Youthwork and Personality types

Over the last few weeks, on my youthwork management module we have delved back into the personality styles, and management behaviour theories such as Myers Briggs, or Belbins team roles. Usually these are offered in relation well, to teams, roles within teams or how people act in different situations such as organisations, with associated questionaires and elements of contextual adaption of the person in the role.

In a conversation with a friend of mine, someone very interested in Psychology, we discussed the limitations of some of these popular identifiers, and he suggested the NEO-PIR test, one id not heard of.  Further details of this are here (wiki)

The NEO-PIR test was brought about as 5 main characteristics were identified in every persons personality to some degree or another; these are; Emotional, Conscientiousness, Agreeableness, Extraversion and Openness to experience. Within each of the 5 personality types contain facets, these are on the wikipedia page linked above.

The Crucial aspect of this test is that it measures personality types, not just personality styles, as generally personality is fairly fixed to a limited degree and can be plotted between the five aspects above. .

This got me thinking- if personality is relatively fixed- how might the type of working with young people that seek to improve their attributes – such as confidence, resilience or problem solving  claim to be able to do this – if the young person scores low on having these as a natural personality trait? (a trait, not a style)

The question is- in what way might any work with young people claim to make improvements of young people when aspects of personality may be more fixed that movable?

However, the trick might be to attempt to uncover the dormant strength of the personality of the young person, or to discover the areas where they are ‘high’ in to appeal to the problem at hand. The changes that a young person may be able to make in terms of personality might be small with a considerable amount of effort put in, yet a more effective method would be to discover with a young person their known personality strengths and discover how these might be utilised in the pursuit of overcoming a difficulty.

Maybe this challenges all the courses that young people are on which claim to ‘improve their confidence, or resilience’ when in fact it would be difficult to prove this from a personality trait perspective. How a young person might have utilised dormant confidence (a combination of conscientious/emotional) might be closer to the reality.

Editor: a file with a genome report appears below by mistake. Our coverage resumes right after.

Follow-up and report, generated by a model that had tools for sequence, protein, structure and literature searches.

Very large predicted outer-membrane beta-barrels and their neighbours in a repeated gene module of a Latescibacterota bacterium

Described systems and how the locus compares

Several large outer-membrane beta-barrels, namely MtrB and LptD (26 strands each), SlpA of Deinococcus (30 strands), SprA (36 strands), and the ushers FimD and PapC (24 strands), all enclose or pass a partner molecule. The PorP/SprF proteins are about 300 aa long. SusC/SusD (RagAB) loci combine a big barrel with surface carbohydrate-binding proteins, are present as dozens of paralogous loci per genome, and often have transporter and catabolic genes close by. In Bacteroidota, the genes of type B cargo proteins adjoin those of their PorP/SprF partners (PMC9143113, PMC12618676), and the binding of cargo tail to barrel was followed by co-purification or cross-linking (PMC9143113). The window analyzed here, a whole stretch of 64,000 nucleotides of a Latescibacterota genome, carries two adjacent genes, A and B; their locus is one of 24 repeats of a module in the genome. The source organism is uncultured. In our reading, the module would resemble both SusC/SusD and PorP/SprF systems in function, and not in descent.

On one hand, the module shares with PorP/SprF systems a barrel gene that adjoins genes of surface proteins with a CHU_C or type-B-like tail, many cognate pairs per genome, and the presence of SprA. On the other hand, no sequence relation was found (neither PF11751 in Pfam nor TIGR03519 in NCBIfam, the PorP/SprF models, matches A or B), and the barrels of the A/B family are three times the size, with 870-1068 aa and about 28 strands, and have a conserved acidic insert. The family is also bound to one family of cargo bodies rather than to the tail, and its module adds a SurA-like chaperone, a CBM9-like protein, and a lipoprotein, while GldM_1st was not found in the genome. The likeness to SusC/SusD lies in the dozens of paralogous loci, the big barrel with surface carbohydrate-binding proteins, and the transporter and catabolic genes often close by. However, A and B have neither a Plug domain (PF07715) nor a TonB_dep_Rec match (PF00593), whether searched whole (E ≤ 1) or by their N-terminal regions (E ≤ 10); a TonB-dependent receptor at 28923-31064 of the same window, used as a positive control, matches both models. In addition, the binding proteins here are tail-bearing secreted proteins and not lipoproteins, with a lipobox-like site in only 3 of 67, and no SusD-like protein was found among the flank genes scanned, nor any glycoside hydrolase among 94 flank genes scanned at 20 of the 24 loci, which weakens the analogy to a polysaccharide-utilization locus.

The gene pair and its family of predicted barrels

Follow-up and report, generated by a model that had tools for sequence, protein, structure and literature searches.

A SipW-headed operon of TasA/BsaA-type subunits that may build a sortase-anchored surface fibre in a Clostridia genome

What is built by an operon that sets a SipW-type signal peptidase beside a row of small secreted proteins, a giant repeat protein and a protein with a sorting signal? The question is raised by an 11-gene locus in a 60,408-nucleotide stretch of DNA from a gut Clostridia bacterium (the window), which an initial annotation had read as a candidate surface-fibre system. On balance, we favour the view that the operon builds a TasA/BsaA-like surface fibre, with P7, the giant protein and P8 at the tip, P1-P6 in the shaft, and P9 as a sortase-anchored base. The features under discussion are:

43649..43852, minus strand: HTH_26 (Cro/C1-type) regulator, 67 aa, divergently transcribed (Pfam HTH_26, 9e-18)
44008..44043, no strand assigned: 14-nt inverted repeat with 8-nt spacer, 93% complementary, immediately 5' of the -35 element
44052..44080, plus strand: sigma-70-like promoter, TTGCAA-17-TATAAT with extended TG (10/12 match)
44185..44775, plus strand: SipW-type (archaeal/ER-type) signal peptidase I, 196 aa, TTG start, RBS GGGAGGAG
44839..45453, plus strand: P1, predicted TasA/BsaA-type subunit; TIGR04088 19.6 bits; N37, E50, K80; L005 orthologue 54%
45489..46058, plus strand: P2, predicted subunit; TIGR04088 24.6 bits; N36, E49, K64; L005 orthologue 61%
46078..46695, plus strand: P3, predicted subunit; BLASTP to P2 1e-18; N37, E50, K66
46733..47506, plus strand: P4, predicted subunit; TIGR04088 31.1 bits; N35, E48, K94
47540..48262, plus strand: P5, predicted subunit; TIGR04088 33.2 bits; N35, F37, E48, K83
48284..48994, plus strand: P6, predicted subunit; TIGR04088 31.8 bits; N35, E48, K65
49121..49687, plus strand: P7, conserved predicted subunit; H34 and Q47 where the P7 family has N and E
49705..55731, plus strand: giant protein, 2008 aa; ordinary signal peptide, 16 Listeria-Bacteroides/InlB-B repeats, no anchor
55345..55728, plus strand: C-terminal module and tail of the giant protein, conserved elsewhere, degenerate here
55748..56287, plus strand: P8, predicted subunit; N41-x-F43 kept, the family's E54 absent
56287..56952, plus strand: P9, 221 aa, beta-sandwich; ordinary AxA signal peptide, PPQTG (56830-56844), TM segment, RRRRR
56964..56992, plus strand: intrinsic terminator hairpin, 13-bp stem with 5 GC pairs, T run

How much does youthwork take a young persons personality traits into account?  In doing so, might it enable youthwork to be better equipped in being able to meet needs and encourage the gifts of young people in the future.

Yes on one hand some forms of working with young people might be able to help young people with ‘soft skills’ but in what way do proponents of this see to make claims of what could be regarded as personality change, strong claims!

On an different perspective, I wonder what kind of personality type is the average youthworker? High neurosis and borderline emotional probably. Though i wonder whether different practices of youthwork encourage a different personality type.

If you’re reading this and have done a psychology A level you’ll know more than me on the subject, and im not claiming any kind of expertise at all, in dipping my toe in the water of thinking about personality types there may be questions that are raised as a result, yes more thinking required…

Youthwork and personality type.. any thoughts?


Author: James

Currently I work part time for both Frontier Youth Trust ( and Communities Together Durham ( and am also self employed and do various aspects of youthwork consultancy, including training, writing, lecturing, seminars and written pieces, including organisational consultancy, community profiling and detached/youthwork training. Please do get in touch if I can be of help to you in your church, project or organisation to develop your youth and community work. I have contributed to 'Here be Dragons (2013), and two recent articles in the youth and theology journal and 'ANVIL' the CMS online journal. My recent employment includes, working for FYT as a youthwork development adviser, being the centre director at Durham YFC, and before this I was known as 'Mr Sidewalk' as I was the project coordinator for the Sidewalk Project in Perth, where I facilitated the delivery of 5 years of detached youthwork on the streets, schools and communities to engage with young people , and support through alcohol misuse issues. In 2017 I completed an MA in Theology & Ministry at St John's College, Durham, and in 2008 graduated from ICC (now NTC Glasgow) with an honours degree in youth work with Applied theology.

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